In recent years, there has been a lot of talk in design education about the possibilities of ‘design fiction’. These are speculative projects that use imaginary content to explore key issues in design and its relationship to society.
Information Skies, the latest film from the Dutch team Metahaven – Daniel van der Velden and Vinca Kruk – is an ambitious example of design fiction applied to experimental film-making in pursuit of a topic that couldn’t be more timely: how is our deep immersion in the globalised sphere of digital communication changing our perceptions of what can be said to be true?
Metahaven describe the 24-minute film as a sequel to their previous film on this subject, The Sprawl (Propaganda about Propaganda). That feature-length documentary has been shown in galleries but owing to copyright issues it has yet to receive a wider release, which it certainly deserves. Both films are currently on view (until October 30) in an installation at the Auto Italia gallery in London; Information Skies can be seen online.
Where The Sprawl employs found footage and interviews with expert thinkers on the digital sphere, Information Skies is a form of science fiction, an imaginary world somewhere in the not-too-distant future. The film has three visual levels often blended together in the same image: live action, anime-like animation and a graphic overlay composed of coloured abstract shapes – familiar from other Metahaven projects – which the designer investigators refer to as “interfacial ruins”.
The fourth level is a score by M.E.S.H. (Berlin-based producer and musician James Whipple), which suffuses the story with an otherworldly and often Far Eastern inflected soundscape of chirps, plinks, drones, stutters and searing washes of electronic sound.
A young couple, first seen wearing virtual reality headsets, has retreated into a forest. A woman’s voice speaking in Hungarian (with a choice of English, Korean and Hindi subtitles) announces that something happened on the way to work that morning: “It began raining facts from the ceiling.” The old world has broken apart, she continues, advising us “this story exists only if you want it to.”
The man is wearing a top with a dragon on it and the couple may be playing a VR game in which they see themselves as dragons and fighters, “newborn from the mouth of an unverified source”. The voiceover, often full of non-sequiturs, is the only source of information about what is happening. Nothing can be verified – “Who knows what’s true?” – and it isn’t clear whether the forest, where the couple do a lot of standing around and looking soulful, sometimes by running water, is a real location or a VR projection, or is the VR what we see unfold in the animation?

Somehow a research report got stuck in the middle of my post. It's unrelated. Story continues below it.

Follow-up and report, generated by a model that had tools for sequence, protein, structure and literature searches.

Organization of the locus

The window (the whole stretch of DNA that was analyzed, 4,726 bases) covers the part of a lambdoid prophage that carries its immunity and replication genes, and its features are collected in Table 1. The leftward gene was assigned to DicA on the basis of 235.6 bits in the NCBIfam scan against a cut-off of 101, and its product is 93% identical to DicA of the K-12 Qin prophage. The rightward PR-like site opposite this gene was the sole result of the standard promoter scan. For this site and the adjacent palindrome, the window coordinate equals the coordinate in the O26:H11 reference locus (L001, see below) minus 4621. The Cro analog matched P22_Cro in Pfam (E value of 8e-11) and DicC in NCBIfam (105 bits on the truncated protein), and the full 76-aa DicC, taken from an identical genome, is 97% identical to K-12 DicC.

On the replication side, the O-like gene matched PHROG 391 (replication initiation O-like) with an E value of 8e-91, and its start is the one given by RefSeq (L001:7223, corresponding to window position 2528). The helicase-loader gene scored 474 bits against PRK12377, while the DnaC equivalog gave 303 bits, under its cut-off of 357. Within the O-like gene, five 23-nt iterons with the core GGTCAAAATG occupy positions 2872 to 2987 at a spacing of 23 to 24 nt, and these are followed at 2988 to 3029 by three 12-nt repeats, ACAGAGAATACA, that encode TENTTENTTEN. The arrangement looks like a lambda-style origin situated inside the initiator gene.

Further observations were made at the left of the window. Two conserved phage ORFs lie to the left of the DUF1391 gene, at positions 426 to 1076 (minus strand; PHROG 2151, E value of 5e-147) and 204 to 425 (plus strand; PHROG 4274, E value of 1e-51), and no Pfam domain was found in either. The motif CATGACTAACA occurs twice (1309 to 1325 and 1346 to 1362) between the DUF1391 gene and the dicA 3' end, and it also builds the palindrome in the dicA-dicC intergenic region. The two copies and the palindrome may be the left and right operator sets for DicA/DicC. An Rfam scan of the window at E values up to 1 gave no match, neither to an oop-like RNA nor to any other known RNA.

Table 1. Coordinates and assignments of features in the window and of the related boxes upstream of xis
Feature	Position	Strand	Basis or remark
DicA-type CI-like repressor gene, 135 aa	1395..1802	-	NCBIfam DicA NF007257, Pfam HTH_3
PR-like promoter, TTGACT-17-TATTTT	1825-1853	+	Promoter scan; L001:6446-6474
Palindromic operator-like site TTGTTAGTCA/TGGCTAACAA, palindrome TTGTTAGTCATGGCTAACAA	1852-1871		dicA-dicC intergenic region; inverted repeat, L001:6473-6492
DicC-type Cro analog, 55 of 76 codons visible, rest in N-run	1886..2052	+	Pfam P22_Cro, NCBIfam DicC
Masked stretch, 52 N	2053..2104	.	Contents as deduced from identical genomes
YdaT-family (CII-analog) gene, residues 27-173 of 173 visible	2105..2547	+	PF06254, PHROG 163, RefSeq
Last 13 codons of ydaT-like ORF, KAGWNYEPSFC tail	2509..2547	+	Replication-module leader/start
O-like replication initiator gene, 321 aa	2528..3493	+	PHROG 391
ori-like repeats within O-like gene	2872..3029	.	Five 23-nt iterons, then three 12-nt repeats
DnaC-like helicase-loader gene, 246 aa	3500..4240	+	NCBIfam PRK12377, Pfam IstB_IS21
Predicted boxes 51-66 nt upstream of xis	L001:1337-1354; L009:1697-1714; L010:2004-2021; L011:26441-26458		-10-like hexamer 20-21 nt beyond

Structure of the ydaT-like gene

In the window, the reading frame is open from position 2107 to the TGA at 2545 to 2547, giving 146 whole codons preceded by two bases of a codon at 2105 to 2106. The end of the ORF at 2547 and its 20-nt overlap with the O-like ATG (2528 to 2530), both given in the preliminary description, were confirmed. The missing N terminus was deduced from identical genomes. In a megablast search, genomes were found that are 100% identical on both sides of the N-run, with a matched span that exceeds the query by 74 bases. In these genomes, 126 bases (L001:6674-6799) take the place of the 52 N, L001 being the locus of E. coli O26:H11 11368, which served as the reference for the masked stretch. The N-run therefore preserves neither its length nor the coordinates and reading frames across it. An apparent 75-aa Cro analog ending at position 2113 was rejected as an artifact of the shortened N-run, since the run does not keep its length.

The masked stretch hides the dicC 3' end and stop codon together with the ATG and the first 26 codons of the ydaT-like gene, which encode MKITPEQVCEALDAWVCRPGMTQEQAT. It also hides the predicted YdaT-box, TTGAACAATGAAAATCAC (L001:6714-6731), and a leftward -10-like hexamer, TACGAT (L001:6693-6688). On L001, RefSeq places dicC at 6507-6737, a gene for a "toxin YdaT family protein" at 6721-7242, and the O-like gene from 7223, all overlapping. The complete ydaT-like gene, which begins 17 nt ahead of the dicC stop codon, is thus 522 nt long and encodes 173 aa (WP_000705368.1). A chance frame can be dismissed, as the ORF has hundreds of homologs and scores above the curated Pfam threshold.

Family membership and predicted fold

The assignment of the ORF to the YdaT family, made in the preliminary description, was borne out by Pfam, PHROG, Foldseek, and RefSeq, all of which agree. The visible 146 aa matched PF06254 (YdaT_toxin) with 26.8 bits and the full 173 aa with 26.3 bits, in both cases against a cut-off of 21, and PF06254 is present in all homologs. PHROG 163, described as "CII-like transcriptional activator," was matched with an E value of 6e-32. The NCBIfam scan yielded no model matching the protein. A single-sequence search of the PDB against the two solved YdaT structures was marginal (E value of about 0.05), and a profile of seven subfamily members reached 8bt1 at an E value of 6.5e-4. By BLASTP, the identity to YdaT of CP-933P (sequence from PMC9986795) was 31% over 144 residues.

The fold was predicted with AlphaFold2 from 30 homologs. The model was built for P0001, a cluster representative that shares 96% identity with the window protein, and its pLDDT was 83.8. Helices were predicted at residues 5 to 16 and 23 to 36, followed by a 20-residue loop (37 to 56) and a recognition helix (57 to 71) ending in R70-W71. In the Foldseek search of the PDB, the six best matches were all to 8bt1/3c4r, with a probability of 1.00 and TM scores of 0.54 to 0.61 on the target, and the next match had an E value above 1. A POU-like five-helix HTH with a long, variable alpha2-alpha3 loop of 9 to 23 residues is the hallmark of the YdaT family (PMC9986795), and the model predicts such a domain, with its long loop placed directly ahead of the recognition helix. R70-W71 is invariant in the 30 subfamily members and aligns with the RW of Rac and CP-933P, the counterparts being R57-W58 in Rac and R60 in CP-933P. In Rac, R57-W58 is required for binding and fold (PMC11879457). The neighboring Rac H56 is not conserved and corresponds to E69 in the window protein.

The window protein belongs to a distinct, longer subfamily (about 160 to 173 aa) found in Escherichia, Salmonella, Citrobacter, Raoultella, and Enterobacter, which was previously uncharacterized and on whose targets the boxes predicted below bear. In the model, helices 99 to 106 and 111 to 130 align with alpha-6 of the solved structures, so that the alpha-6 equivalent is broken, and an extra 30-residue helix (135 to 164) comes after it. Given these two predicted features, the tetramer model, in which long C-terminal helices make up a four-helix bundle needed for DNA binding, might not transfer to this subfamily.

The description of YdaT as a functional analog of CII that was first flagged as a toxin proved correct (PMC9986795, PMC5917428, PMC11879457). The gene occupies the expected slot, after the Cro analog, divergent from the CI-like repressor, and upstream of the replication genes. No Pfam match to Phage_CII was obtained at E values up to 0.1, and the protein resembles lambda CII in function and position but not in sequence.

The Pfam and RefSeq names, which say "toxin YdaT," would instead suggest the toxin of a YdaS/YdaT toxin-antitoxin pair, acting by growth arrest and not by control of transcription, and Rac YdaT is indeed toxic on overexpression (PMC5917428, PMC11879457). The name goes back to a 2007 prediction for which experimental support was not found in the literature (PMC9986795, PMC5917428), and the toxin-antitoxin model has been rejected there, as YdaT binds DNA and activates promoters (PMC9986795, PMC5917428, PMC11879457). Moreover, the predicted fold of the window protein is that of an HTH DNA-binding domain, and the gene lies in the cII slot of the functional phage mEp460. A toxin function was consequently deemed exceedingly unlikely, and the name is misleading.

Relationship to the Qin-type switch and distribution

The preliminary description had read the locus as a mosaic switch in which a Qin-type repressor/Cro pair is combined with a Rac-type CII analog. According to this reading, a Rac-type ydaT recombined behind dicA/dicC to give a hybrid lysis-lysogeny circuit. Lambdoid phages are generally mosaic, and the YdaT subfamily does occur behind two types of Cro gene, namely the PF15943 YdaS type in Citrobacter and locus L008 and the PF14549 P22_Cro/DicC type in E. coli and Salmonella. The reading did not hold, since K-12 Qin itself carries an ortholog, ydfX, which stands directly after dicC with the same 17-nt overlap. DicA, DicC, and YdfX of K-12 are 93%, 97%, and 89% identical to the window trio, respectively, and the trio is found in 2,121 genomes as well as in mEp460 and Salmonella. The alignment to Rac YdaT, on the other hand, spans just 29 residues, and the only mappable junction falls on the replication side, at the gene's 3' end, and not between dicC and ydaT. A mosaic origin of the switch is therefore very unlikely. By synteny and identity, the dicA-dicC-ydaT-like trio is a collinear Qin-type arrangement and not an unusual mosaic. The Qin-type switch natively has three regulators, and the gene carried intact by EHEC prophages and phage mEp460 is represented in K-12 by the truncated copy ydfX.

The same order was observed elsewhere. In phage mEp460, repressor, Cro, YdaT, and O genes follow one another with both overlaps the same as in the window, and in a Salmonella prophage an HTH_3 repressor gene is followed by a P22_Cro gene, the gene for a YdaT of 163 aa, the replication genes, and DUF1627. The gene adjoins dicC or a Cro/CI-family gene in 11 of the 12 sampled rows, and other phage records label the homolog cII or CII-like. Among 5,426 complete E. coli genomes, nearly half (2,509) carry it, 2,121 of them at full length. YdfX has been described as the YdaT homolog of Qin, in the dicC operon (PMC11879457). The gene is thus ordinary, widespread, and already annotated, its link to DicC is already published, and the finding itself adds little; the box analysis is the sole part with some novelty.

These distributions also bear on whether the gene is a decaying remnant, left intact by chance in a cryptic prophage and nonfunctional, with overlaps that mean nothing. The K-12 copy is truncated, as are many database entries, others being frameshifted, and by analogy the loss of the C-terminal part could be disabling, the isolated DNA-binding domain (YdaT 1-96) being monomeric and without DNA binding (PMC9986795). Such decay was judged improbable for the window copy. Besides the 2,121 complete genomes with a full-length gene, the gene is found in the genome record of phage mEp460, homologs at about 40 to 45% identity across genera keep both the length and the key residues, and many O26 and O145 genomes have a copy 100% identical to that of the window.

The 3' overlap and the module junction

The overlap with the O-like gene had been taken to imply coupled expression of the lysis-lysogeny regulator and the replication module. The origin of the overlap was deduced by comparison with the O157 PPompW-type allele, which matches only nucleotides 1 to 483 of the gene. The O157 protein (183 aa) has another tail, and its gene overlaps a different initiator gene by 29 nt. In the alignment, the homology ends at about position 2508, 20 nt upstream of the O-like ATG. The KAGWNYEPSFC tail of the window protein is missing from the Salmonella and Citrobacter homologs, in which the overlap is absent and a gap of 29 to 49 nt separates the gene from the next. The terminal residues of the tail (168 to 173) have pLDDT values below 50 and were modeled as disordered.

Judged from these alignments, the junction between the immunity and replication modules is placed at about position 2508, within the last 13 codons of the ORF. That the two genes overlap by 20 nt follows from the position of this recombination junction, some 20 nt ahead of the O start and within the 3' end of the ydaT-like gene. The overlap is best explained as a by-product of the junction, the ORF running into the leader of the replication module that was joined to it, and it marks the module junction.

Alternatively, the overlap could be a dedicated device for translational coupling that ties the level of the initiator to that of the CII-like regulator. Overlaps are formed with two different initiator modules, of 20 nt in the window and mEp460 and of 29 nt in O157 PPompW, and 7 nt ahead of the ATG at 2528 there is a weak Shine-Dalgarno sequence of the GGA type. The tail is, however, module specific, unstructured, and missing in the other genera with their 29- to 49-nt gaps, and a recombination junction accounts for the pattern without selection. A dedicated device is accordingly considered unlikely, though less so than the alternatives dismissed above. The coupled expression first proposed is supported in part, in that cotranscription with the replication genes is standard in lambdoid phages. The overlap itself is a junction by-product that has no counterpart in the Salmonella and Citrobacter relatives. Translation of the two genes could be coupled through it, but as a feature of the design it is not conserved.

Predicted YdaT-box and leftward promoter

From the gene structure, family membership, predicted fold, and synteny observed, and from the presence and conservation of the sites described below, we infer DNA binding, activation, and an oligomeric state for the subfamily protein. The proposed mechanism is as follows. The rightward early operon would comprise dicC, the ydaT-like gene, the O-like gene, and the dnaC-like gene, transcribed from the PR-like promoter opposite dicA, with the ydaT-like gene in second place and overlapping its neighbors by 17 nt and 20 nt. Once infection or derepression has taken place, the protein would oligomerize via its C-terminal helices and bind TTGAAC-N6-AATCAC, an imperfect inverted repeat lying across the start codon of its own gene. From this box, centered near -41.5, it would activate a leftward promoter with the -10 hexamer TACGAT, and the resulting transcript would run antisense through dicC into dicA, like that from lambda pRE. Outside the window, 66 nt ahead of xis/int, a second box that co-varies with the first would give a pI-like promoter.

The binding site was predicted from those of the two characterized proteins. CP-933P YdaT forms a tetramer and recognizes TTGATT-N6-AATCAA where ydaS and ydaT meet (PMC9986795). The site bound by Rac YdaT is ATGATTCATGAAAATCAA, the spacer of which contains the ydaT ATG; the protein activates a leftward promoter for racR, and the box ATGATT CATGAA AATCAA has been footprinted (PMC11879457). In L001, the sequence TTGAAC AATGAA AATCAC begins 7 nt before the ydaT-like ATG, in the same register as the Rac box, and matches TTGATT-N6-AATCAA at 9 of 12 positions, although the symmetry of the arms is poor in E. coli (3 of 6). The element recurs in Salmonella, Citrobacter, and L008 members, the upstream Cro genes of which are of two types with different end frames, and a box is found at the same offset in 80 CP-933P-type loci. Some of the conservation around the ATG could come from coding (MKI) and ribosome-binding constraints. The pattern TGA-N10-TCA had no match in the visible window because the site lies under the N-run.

In this place, whatever it is, the weight of the soul is “measured in terabytes”, “Death is virtual reality” and there is always Snapchat for distraction. When the VR headsets come off – “Our laptops, our visors, globes, turn dark … switch off the haunted gaze” – it may be a moment of rebellion and a rediscovery of the beauty of the real.
If the voiceover meditations on supermarkets, undone washing-up and long-nailed girlfriends suggest the everyday texture of young love in a novel by Douglas Coupland or Haruki Murakami, the magisterial landscape and mystical shots of sheets blowing on a line recall the films of Andrei Tarkovsky.
By the end the tone has darkened and the jagged animations of faces that have drifted through the film turn red. The woman, now confirmed as the speaker, appears to be addressing her words to a judge, as though everything she has said has been a deposition that he can never understand because he didn’t experience the couple’s time in the virtual refuge.
Information Skies is a fascinating hybrid, fusing three genres – live action, animation and experimental abstraction – that would normally be distinct, and it’s a highly original piece of film-making. It looked stunning at cinematic scale, filling the wall at Auto Italia, but the internet is its natural home. As a visual experience, the film has only the loosest of narratives and the voiceover’s jump cuts and odd turns of phrase make it close to being a prose poem at times.
In content, the viewing experience lies somewhere between an art film and a cinema short, but the graphic elements would be found in neither, and these will probably be the strangest touches for anyone coming to the film without knowledge of Metahaven’s graphic approach. The designers also use these signature devices in The Sprawl and I wasn’t convinced they add much there to arguments that need to be articulated as cogently as possible, though they certainly express the sense of a technosphere out of joint.
In Information Skies, though, the graphic elements are integral to the construction of this estrangingly nebulous imaginary realm. The film may even be a new kind of graphic cinema.
Rick Poynor is Professor of Design and Visual Culture at the University of Reading. Information Skies by Metahaven can be seen at informationskies.com; The Sprawl is at sprawl.space – both films are currently on show at Auto Italia, 44 Bonner Road, London E2 9JS, until October 30, autoitaliasoutheast.org
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